With the news that Hitachi has pulled out of the Wylfa project, the new nuclear programme looks in real trouble and was due to come in well above the costs of offshore wind anyway. Nuclear has a role to play but even with substantial government support on offer, I doubt its ability to deliver cost effectively in the 2020s. With onshore wind unfortunately unpopular with this Government that means offshore wind will need to do even more of the ‘heavy lifting’ to keep us on track with our climate change commitments.
It is time to raise our ambition with offshore wind. We should be aiming to build as many offshore wind projects as needed to help deliver decarbonisation targets in power, heat and transport, rather than going down the route of Government’s recently imposed cap on low carbon contracts regardless of how competitively projects can bid. We have a technology that brings cheap, low carbon electricity. The North Sea is a perfect deployment area for it, with great wind speeds, over such a large area that offshore wind can contribute strongly to energy security. It is supported by the public and the jobs and opportunities from development and operations are in communities that really need them. 

It is time to aim higher and seize the opportunity that offshore wind brings.

Highland communities in £28m funding boost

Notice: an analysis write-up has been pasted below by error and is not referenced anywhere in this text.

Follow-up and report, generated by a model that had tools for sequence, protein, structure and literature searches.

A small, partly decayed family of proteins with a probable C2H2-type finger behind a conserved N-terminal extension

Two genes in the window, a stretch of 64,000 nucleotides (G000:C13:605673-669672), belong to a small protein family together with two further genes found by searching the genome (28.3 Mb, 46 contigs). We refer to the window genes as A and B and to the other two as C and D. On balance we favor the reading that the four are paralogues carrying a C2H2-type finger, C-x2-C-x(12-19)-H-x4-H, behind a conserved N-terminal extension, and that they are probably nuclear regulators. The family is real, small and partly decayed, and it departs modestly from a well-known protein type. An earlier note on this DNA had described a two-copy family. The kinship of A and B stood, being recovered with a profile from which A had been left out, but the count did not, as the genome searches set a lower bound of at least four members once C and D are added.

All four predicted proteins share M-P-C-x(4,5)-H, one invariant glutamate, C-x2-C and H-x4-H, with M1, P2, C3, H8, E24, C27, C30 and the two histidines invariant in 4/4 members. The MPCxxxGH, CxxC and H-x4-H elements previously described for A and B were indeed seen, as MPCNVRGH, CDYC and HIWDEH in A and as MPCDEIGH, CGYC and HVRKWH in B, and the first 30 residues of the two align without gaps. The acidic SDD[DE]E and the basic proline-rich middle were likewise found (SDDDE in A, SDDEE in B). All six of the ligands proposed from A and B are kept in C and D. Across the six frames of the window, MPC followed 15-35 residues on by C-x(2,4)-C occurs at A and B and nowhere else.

18 December 2018

Highland communities will benefit to the tune of £28millon thanks to Britain’s newest onshore wind farm, built by SSE Renewables.


SSE has completed the construction and commissioning of the £350m Stronelairg Wind Farm, near Fort Augustus. Its 66 turbines can generate enough energy to power 160,000 homes.

To celebrate culmination of the project it’s created the Stronelairg Community Development Fund, offering one of the biggest cash injections the Highlands has seen.  It will take SSE’s total community benefit contribution in the area more than £80 million.

The fund will make a significant impact helping develop rural infrastructure, community projects and skills and development opportunities throughout the Great Glen.

Everything from new medical facilities, to sports hubs, to skills and training initiatives, can apply for support, with £1,183,500 being handed out every year for 25 years.